Coronavirus: fears over workplace transmission as Hong Kong woman, husband confirmed with Covid-19 and two of her colleagues test positive

Zoe Low

Health authorities in Hong Kong are investigating a possible workplace transmission of Covid-19 after a woman employed at an imported food warehouse was confirmed with the coronavirus on Sunday, while two of her colleagues tested weak positive.

The husband of the 34-year-old woman was also confirmed with the disease on Sunday, ending the city’s more than two-week run without a local coronavirus infection. Hong Kong’s tally of confirmed cases now stands at 1,084.

Speaking at a daily press briefing, Dr Chuang Shuk-kwan, head of the Centre for Health Protection’s communicable disease branch, said the two other women who tested weak positive had been sick much earlier, between April 25 and 27, and did not rule out the possibility of workplace transmission. Neither of them had any travel history.

“As the two women who tested weak positive had symptoms earlier than the confirmed patient, there is a chance of a transmission chain within the warehouse,” Chuang said. “But we are still investigating the exact path the virus was passed.”

The three women worked the night shift at a Kerry Logistics warehouse in Kwai Chung labelling pre-packaged fruit and vegetables from the United Kingdom. Their other 25 colleagues will be sent to quarantine centres.

Up to 100 other people who worked in the same building will also be asked to give samples for testing.

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Meanwhile, Dr Sara Ho Yuen-ha, the Hospital Authority’s chief manager for patient safety and risk management, revealed at the briefing that three of the emergency medical staff who attended to the woman when she was first sent to hospital had not been wearing the full set of protective clothing.

“The patient was already in critical condition when she first arrived at the accident and emergency department and was losing consciousness, so some medical staff volunteered to help,” she said. It was later discovered that a doctor, a nurse and a medical assistant had not worn protective gowns. Ho said they would be quarantined for 14 days as close contacts of the confirmed patient.

The last time a local infection – a patient with no recent travel history – was reported was on May 14.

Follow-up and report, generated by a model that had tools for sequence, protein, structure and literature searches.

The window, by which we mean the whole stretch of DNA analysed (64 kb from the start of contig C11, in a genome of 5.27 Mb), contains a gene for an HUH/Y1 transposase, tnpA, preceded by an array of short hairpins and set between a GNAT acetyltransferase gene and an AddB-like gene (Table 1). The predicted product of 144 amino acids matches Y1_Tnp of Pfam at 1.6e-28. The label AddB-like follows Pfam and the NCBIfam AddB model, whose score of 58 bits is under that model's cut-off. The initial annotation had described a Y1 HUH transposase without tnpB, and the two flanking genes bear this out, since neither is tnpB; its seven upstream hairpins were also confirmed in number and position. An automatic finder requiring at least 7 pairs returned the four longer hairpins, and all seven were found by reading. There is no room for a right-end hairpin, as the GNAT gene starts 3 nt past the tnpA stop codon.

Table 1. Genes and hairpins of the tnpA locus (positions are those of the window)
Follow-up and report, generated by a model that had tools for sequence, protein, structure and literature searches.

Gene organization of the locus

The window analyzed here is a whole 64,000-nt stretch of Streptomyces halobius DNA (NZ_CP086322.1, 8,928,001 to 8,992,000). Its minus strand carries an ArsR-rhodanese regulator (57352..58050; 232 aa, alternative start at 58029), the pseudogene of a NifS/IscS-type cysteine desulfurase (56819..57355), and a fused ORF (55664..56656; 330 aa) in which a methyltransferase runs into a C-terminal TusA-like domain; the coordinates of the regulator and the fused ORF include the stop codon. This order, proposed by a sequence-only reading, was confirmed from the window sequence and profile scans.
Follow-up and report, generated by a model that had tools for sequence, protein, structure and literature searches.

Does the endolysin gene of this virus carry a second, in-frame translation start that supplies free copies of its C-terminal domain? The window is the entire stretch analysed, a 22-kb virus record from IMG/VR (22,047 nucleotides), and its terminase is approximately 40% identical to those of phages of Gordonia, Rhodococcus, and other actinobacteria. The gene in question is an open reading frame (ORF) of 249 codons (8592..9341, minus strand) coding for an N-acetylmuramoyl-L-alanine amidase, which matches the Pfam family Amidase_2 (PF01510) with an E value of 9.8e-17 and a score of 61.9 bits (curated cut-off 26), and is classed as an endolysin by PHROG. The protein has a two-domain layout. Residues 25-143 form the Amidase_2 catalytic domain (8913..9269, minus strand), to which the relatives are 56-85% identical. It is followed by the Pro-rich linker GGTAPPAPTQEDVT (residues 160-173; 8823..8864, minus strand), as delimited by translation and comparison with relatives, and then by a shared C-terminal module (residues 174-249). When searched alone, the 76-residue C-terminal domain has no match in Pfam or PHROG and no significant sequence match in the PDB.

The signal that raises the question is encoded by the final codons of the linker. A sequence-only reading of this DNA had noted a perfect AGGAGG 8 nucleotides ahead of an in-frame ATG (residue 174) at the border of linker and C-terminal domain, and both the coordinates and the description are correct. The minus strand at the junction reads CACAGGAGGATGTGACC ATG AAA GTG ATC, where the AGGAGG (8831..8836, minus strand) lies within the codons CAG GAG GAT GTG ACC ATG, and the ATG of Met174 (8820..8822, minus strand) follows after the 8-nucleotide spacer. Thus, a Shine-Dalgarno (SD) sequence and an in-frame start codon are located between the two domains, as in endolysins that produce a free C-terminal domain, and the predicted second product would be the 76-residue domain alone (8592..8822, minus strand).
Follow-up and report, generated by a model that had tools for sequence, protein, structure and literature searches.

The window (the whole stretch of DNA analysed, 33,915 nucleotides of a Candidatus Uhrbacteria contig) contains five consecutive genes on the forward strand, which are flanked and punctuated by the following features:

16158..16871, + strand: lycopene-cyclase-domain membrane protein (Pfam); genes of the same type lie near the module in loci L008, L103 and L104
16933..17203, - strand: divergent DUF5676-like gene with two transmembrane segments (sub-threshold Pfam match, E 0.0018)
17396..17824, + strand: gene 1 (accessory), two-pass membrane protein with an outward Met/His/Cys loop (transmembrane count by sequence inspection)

The husband, 56, and wife in the newest case live in the Lek Yuen Estate in Sha Tin with the husband’s sister, Chuang said. The woman is on a ventilator in the intensive care unit of the Prince of Wales Hospital in Sha Tin. The sister, who has shown no symptoms, has been sent to a quarantine centre.

The wife had visited a private doctor in Lek Yuen estate three times before she began feeling chest pains and was sent to the hospital on Saturday. The doctor was treating her for an upper respiratory tract infection as she did not have any travel history, Chuang said.

The general practitioner and his staff will now be asked to give throat samples, while Chuang has reminded private clinics not to let their guard down with patients with respiratory symptoms, saying they should arrange for them to be tested for Covid-19.

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The husband, who is unemployed, developed a fever on Saturday night and was subsequently sent to hospital. While earlier reports said he lived at a separate address in Nam Cheong, both Chuang and Ho clarified that the man said he lived only at the Sha Tin estate.

Both of the wife’s colleagues live at Kwai Luen Estate in Kwai Chung. Chuang said the health authorities would arrange for other residents at both housing estates to receive virus testing.

Health authorities have said the outbreak can only be considered under control if no new cases have been reported for at least one or two incubation periods, meaning two weeks to a month.

Chuang said the government would take into consideration the risk of a sudden outbreak in deciding whether to continue social-distancing measures, which include limiting public gatherings to 8 people. Those measures are set to expire on June 4.

“I think the local transmission chain has never fully broken,” he said. “There have always been hidden sources and it will be difficult for us to be able to find all the cases.”

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